9 doctors weighed in:
Is there a difference between vomiting and projectile vomiting?
9 doctors weighed in

4 doctors agree
In brief: Yes
Projectile vomiting is distinctive-extremely forceful expulsion of vomit, several feet away from the patient.
Parents often describe 'projectile' vomiting, but when i witness it, it is simply vomiting. Many cell phones record video-take a video and share with your doctor.

In brief: Yes
Projectile vomiting is distinctive-extremely forceful expulsion of vomit, several feet away from the patient.
Parents often describe 'projectile' vomiting, but when i witness it, it is simply vomiting. Many cell phones record video-take a video and share with your doctor.
Dr. Ronda Dennis-Smithart
Dr. Ronda Dennis-Smithart
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Dr. Sari Nabulsi
Pediatrics
3 doctors agree
In brief: Vomitting
The reason we try to differentiate between both is projectile vomiting tends to be associated with more serious pathology.
While vomiting could be something benign. Mist babies tend to spit up alot and we call it vomiting. I'd they have projectile vomiting, we might consider the possibility of pyloric stenosis.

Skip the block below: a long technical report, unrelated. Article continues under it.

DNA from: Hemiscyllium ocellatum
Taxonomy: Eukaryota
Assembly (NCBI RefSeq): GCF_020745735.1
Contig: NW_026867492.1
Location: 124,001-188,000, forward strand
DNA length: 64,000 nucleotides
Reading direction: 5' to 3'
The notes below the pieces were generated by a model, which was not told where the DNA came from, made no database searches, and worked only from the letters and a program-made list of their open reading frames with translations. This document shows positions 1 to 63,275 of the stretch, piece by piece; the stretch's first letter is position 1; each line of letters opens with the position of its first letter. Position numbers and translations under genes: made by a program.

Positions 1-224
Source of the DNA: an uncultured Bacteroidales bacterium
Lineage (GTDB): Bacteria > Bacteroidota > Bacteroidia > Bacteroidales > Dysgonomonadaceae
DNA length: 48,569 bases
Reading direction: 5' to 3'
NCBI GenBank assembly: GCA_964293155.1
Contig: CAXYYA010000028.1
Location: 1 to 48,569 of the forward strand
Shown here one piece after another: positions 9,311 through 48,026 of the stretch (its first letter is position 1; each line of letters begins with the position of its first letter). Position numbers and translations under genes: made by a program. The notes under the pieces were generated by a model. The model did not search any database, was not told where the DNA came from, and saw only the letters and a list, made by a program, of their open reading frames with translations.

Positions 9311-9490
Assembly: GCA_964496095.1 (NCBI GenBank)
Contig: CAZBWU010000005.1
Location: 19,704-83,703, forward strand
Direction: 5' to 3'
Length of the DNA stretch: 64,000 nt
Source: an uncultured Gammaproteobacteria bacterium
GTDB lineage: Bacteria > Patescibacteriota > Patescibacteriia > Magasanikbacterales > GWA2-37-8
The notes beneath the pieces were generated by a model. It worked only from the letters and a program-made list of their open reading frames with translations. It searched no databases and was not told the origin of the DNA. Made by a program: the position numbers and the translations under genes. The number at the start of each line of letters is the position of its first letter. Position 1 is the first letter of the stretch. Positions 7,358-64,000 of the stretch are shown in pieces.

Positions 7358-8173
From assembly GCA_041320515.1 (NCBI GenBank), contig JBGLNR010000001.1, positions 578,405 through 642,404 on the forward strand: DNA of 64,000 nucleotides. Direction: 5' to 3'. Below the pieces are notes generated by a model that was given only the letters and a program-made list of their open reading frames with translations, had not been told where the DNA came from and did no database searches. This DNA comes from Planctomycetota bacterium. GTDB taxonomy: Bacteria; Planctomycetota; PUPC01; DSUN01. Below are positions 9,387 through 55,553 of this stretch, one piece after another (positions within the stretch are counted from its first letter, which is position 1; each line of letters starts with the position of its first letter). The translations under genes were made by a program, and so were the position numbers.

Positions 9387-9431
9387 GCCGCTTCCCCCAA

In brief: Vomitting
The reason we try to differentiate between both is projectile vomiting tends to be associated with more serious pathology.
While vomiting could be something benign. Mist babies tend to spit up alot and we call it vomiting. I'd they have projectile vomiting, we might consider the possibility of pyloric stenosis.
Dr. Sari Nabulsi
Dr. Sari Nabulsi
Thank
Dr. Frazier Frantz
Surgery - Pediatric
1 doctor agrees
In brief: Yes
When it pertains to children, projectile vomiting is a sign of gastric outlet obstruction due to pyloric stenosis.
This typically occurs between 3 weeks & 3 months of life. The vomitus is typically non-bilious. Standard vomiting, which is very common in babies, usually flows but does not shoot from the oral cavity. This is usually due to reflux, overfeeding, formula intolerance, virus.

In brief: Yes
When it pertains to children, projectile vomiting is a sign of gastric outlet obstruction due to pyloric stenosis.
This typically occurs between 3 weeks & 3 months of life. The vomitus is typically non-bilious. Standard vomiting, which is very common in babies, usually flows but does not shoot from the oral cavity. This is usually due to reflux, overfeeding, formula intolerance, virus.
Dr. Frazier Frantz
Dr. Frazier Frantz
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